Reconciliation Matters to Planners. 

CIP envisions a future in which reconciliation is meaningfully embedded in planning practice in Canada and planners build relationships with Indigenous peoples based on mutual respect, trust, and dialogue. To support the journey toward reconciliation, CIP plans its actions in alignment with these commitments.

Prior to the adoption of the new Strategic Plan–1,835 Days of Impact–CIP endorsed the implementation of the United Nations Declaration on the Rights of Indigenous People (UNDRIP) in 2017 and published a Policy on Planning Practice and Reconciliation in 2019. Building on this strong foundation, CIP continues to support reconciliation—both within and beyond the planning profession—through a mix of advocacy, policy leadership, awareness and capacity building, and financial support. We also live by our values of Inclusive Mobilization and Respectful Stewardship.

CIP’s Contributions to Reconciliation

CIP’s actions contribute to the reconciliation journey and engage with Indigenous-related topics on two levels:

  • Leadership and the Structure of the Planning Profession (including the Planning Profession Ecosystem)
  • Members and Planners at Large

Leadership and the Structure of the Planning Profession

Against the backdrop of the principles of the Truth and Reconciliation Commission’s Final Report and United Nations Declaration on the Rights of Indigenous People (UNDRIP), CIP’s policy on Planning Practice and Reconciliation is a call to action for planners to engage in meaningful and sustained relationship building with Indigenous peoples.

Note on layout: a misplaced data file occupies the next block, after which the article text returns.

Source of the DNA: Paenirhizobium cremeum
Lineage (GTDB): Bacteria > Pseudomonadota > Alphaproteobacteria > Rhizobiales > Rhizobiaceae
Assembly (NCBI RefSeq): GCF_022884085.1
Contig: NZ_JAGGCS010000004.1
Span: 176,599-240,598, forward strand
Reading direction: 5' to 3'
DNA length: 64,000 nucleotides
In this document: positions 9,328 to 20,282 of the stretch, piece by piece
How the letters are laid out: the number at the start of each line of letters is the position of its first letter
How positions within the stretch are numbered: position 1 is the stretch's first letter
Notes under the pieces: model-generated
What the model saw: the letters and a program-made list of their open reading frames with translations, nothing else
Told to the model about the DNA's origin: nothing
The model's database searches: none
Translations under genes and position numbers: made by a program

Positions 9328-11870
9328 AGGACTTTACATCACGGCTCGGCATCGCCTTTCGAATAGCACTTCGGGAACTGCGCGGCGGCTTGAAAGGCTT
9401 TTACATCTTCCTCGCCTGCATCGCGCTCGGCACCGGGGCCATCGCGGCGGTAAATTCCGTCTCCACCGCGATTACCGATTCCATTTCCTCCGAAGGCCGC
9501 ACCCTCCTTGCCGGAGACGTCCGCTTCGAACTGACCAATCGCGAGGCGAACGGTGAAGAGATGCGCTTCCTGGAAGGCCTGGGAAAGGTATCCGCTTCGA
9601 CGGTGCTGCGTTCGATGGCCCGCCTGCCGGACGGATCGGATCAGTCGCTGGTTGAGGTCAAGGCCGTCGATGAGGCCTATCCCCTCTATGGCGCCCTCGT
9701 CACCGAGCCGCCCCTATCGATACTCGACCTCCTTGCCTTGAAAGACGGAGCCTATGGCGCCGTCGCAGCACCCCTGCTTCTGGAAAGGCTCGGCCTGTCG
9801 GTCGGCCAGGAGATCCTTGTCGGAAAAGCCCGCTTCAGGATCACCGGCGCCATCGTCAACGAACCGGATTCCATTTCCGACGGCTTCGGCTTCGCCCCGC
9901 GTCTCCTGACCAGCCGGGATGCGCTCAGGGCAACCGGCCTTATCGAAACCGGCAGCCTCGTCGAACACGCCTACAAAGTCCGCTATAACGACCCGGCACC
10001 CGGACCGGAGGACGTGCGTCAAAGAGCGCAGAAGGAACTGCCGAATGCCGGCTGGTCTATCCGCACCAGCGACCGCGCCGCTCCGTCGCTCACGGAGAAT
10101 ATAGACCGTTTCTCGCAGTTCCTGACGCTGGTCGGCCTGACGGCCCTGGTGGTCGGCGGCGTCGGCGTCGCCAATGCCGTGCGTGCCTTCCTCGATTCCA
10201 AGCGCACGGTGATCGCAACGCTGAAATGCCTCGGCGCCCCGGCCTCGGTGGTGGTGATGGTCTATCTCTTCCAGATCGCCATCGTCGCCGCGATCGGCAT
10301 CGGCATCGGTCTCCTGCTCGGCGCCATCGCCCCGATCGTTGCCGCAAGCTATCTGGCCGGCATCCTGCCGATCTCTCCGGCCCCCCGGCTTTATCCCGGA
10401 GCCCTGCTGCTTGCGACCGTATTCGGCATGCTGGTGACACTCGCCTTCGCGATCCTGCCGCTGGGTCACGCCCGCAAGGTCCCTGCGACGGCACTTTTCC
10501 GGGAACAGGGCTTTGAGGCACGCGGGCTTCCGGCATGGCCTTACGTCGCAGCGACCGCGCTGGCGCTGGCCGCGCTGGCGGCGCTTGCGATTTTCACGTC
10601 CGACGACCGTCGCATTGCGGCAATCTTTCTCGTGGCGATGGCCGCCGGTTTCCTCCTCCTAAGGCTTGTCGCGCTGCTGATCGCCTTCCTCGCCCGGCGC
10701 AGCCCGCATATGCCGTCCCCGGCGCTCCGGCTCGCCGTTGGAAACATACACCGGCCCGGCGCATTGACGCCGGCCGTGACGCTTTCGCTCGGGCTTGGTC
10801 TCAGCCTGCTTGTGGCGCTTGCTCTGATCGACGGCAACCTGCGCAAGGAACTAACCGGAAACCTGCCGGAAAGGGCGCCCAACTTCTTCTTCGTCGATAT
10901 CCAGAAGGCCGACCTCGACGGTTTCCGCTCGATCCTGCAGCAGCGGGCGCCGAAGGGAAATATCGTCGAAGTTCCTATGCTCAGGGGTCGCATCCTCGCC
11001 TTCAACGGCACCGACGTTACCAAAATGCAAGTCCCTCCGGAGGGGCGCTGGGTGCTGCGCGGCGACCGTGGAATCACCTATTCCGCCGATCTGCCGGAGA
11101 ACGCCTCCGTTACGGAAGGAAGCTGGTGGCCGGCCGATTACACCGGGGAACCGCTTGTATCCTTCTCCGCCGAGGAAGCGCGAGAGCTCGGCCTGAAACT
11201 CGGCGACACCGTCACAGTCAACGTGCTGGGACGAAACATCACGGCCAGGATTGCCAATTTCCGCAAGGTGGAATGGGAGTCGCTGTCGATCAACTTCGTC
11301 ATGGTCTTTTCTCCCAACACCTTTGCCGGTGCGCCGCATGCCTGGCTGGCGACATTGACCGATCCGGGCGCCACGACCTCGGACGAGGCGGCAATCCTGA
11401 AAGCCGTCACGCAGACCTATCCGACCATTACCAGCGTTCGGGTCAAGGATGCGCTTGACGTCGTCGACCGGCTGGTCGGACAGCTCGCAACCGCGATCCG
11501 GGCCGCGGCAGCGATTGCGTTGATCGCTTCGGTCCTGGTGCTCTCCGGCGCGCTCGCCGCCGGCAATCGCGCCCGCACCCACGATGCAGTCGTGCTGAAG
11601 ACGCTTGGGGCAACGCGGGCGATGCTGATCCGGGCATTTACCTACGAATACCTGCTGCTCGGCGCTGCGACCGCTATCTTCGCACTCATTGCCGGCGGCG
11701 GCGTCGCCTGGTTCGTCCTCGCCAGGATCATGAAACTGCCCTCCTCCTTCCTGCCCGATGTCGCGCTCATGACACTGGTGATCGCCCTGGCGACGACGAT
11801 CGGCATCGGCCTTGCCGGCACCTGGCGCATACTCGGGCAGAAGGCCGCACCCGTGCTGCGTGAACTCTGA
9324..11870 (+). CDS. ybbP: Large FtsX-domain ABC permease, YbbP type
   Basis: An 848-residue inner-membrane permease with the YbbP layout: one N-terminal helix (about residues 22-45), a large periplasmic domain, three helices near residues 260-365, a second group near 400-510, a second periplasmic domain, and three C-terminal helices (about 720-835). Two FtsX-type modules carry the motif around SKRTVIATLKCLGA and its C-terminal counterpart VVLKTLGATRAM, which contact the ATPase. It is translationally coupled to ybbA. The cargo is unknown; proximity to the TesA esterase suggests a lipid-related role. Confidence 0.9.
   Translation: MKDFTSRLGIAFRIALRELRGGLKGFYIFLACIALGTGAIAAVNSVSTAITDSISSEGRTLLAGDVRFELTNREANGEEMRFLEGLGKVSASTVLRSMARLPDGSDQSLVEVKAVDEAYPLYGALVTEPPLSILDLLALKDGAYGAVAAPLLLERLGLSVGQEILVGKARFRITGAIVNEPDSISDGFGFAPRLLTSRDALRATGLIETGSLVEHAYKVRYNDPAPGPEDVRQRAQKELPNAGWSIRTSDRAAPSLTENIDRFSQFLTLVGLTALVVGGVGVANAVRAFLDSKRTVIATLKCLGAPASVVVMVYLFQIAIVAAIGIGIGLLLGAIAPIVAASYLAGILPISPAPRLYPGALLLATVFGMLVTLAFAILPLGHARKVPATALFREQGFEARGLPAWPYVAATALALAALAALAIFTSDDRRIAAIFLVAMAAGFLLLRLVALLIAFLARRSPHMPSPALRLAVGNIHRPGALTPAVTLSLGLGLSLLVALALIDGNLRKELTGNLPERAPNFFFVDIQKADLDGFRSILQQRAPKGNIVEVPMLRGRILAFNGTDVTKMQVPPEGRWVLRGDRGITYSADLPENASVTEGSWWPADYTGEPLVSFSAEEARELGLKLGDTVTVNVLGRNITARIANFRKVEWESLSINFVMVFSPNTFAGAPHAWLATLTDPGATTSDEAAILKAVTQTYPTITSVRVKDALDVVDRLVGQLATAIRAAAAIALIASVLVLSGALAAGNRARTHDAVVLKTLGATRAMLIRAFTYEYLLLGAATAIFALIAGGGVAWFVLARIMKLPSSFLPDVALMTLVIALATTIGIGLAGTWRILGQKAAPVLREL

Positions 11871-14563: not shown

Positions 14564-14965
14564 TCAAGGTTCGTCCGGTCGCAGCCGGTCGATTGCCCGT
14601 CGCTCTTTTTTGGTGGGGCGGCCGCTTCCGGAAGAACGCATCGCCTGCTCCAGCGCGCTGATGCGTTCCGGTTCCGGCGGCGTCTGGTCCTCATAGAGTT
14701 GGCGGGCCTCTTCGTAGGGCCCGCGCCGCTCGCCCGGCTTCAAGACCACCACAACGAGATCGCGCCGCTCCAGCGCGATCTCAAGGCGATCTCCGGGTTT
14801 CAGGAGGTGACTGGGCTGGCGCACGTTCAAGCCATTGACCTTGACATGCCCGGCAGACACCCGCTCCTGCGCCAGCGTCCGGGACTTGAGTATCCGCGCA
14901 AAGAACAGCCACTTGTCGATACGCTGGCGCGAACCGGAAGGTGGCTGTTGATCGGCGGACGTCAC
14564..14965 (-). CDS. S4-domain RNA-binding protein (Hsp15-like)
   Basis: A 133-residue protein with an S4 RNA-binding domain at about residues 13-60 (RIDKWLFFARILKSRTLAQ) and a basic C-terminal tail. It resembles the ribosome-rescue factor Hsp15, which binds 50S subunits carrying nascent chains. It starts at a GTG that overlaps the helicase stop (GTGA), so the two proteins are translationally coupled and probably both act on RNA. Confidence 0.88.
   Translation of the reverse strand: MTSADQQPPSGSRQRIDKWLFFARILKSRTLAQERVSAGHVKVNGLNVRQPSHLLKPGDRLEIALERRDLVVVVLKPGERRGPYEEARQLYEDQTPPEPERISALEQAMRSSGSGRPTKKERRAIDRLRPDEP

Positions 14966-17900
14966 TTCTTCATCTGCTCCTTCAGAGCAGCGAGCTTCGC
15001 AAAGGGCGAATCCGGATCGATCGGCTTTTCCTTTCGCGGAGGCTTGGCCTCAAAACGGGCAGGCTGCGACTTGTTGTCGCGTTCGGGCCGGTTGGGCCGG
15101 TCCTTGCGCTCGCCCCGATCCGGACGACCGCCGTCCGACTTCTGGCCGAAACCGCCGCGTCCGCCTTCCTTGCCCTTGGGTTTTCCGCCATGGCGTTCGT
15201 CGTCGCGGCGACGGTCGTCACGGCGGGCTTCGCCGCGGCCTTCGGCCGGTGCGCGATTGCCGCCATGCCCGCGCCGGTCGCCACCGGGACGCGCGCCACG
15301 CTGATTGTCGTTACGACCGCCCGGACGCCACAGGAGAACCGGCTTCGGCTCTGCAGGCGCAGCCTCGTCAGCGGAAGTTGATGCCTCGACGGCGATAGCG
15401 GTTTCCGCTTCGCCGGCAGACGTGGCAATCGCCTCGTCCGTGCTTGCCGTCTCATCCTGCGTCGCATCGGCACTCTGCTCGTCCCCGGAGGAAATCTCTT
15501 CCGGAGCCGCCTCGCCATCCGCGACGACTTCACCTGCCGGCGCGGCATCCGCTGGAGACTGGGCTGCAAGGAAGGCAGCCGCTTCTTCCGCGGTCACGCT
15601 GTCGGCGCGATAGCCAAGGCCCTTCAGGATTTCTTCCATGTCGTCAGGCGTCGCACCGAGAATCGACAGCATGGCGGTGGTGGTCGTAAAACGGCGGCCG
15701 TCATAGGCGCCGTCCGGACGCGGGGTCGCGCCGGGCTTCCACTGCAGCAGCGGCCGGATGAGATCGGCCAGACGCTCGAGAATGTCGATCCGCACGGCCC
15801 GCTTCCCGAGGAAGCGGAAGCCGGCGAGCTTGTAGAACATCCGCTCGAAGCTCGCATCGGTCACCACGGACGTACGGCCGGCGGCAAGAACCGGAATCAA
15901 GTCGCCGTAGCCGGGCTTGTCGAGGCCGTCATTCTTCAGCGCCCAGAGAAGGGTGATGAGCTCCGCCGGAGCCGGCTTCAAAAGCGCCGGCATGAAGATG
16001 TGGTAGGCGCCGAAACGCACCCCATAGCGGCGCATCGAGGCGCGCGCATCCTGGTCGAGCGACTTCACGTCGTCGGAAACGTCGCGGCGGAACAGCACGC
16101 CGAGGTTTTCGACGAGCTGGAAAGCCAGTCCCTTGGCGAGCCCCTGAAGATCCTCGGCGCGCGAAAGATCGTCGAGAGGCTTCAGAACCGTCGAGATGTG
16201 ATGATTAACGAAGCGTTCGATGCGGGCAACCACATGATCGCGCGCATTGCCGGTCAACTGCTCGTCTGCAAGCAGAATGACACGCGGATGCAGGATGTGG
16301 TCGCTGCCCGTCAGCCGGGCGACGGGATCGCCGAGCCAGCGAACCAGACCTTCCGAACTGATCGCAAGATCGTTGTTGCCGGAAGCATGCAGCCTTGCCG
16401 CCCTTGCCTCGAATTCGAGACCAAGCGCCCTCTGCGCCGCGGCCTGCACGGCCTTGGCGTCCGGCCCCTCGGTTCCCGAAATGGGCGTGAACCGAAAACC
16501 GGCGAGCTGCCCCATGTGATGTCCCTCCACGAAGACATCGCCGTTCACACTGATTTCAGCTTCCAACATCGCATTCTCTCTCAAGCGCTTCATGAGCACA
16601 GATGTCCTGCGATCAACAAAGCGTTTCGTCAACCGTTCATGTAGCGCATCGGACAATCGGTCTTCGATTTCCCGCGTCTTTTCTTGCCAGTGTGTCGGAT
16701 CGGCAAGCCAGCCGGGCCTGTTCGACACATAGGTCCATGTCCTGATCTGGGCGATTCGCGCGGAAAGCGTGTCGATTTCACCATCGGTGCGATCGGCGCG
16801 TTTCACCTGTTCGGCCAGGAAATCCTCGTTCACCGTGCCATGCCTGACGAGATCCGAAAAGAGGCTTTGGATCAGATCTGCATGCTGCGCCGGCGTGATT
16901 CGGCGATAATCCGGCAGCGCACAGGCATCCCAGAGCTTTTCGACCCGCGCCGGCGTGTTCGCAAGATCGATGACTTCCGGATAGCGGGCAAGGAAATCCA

The policy was developed through extensive engagement with Indigenous planning practitioners and community leaders, along with CIP members, over an eighteen-month period. Engagement was carried out through the use of individual interviews, focus groups, and surveys. The policy is the first and only set of professional planning guidelines in Canada related to reconciliation.

Putting policy into action, as a symbolic step towards reconciliation, the elected leadership of CIP and the Provincial and Territorial Institutes and Associations (PTIAs) participated in a Blanket Ceremony led by Chepximiya Siyam’/Chief Janice George, Squamish hereditary chief, and her husband Skwetsimeltxw Willard ‘Buddy’ Joseph, in advance of the 2022 CIP national conference. The conference was held on the shared territories of the Lil̓wat7úl and Sḵwx̱wú7mesh peoples (Whistler, B.C) and the ceremony–a reaffirmation of the profession’s support for reconciliation through learning, humility, and action–took place at the Squamish Lil’wat Cultural Centre.

In the last two years, CIP has been active in helping to update the profession’s competency standards with the PTIAs, working to ensure that a reconciliation lens is applied. This work is on-going. 

CIP is also working closely with the PTIAs and PSB to amplify shared messages on reconciliation, including issuing a joint statement for National Indigenous History Month in June 2023.